17 June 2009
At first I thought it was a joke. That there could be free elections in "The Islamic Republic of Iran". Then I learned that, indeed, I was right, to a point. The elections held for the Presidency of Iran last Friday in which M. Ahmedinejad allegedly won a 'landslide' were not free. Indeed, even the so-called reform candidates had to be formally approved by the actual power in Iran, the "Guardian Council" and had to meet stringent ideologic requirements before their names could even be put on the ballot.
That aside, the raging protests and the brutality exhibited by "The Islamic Republic of Iran" shows that even they can't, in the name of Allah, pull the wool over every Iranian's eyes. I know that the Persian empire was at one point one of the largest in the world. The Persian culture is one of the most celebrated in the history of humanity. It makes me wonder, then, how long the people of Iran will stand for the theocracy that they got back in 1979, a theocracy that has ruined the Iranian economy, made Iran a paraiah state in the West, and otherwise meddlesome in the politics in the explosive Middle East.
We can trace the 1979 revolution to American meddling. It was the US which helped stage a coup d'etat in 1953 to place the friendly, malleable Shah back in power. It gave the US, for a very long time, a valuable outpost in the region. So the Iranian students who kidnapped the American hostages and held them until the day that Ronald Reagan took office are now the Ahmedinejads of the world. But their cause - continuous rants against the "Great Satan", the US, and the "Little Satan", Israel, are not enough to keep a people clothed, housed, fed, employed and happy. What does the existing government of Iran offer its own people?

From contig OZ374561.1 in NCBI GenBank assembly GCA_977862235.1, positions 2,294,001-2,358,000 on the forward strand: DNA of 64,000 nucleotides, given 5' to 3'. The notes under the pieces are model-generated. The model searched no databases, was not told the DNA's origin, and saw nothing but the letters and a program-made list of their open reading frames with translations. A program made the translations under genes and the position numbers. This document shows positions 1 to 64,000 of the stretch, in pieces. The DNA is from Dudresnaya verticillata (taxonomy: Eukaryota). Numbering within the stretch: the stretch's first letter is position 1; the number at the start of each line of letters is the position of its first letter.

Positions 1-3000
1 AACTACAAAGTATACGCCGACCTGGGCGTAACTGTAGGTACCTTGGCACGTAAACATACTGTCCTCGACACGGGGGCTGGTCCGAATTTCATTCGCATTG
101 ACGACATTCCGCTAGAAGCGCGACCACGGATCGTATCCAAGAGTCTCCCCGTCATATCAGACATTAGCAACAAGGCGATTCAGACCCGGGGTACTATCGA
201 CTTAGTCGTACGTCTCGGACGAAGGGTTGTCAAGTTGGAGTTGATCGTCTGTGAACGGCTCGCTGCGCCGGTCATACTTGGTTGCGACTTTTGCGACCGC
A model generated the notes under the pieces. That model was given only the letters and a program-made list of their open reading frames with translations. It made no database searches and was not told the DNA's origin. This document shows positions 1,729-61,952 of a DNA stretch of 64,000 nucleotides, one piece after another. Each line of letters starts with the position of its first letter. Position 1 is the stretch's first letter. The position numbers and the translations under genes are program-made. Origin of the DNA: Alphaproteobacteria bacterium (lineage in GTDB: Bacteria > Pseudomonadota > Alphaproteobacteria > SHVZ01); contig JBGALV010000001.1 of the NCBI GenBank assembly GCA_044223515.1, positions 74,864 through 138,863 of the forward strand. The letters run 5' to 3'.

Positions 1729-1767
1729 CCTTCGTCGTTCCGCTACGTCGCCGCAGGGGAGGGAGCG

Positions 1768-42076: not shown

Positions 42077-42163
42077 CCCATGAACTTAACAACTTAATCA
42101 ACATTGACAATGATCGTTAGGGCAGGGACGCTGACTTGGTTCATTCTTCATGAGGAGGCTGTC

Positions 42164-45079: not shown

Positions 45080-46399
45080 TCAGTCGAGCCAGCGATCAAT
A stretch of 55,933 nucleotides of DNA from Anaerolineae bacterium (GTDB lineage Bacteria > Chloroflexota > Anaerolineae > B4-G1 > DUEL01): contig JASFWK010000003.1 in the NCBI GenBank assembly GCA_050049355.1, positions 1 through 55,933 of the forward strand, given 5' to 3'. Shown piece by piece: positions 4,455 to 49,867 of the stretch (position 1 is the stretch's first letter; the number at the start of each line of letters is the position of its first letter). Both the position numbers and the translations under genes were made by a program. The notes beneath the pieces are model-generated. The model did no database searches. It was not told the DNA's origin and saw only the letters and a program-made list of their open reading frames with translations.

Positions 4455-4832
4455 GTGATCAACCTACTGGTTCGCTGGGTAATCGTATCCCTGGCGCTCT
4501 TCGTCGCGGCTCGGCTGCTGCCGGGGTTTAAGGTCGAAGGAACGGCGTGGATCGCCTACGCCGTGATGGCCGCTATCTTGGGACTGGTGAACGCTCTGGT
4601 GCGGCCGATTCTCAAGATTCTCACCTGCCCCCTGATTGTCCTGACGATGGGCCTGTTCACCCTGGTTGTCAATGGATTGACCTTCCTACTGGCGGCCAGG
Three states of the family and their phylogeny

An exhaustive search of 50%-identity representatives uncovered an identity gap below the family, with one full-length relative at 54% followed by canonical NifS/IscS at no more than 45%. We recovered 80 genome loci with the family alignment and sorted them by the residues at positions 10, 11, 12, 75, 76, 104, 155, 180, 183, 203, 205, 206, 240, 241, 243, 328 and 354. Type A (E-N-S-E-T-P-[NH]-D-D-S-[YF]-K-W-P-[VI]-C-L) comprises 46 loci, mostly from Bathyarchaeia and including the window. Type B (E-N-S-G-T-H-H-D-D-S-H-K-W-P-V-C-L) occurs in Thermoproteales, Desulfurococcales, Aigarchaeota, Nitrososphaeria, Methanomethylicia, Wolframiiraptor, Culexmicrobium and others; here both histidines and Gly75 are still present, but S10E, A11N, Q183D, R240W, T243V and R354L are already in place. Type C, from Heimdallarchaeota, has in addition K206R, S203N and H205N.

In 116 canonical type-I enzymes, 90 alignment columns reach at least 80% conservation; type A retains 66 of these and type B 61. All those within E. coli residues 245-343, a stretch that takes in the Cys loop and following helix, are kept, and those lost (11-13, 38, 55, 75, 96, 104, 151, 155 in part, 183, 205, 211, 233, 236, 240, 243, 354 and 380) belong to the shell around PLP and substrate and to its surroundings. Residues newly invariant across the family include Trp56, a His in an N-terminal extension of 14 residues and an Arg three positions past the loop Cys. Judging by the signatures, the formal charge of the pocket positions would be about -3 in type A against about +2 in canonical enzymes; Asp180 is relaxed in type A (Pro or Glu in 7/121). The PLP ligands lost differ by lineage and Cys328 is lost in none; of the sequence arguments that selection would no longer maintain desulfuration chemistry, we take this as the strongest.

What Ayatollah Khomenei and M. Ahmedinejad cannot admit publicly is that their state is in ruin and the people know it. So much so that the Iranians have to resort to violence to quell the righteous outrage that is currently boiling over there. They know when they've been had, when they' ve been sold a bill of goods for which there is no substance. I cannot help but think that at this point, Khameini and Ahmedinejad are, like their brothers in Hamas, holding on to power for its own sake, not necessarily for the sake of the welfare and prosperity of the people they supposedly govern.
The problem for the Guardian Council, the Iranian Revolutionary Guard, Ahmedinejad and the rest of the current power elite is how to put the toothpaste back into the tube. It can't be done. Let us hope that the actions of so many, and those seven that (so far) have been killed in the name of democracy (albeit flawed, but democracy nonetheless) will not have been in vain. Let us hope that the people of Iran continue to show the rest of the world that power in Iran does truly rest ultimately with the people, not with Ayatollahs and the like who claim a monopoly on truth and justice. There's a revolution brewing in Iran. The question will be who will stand with the Iranian people.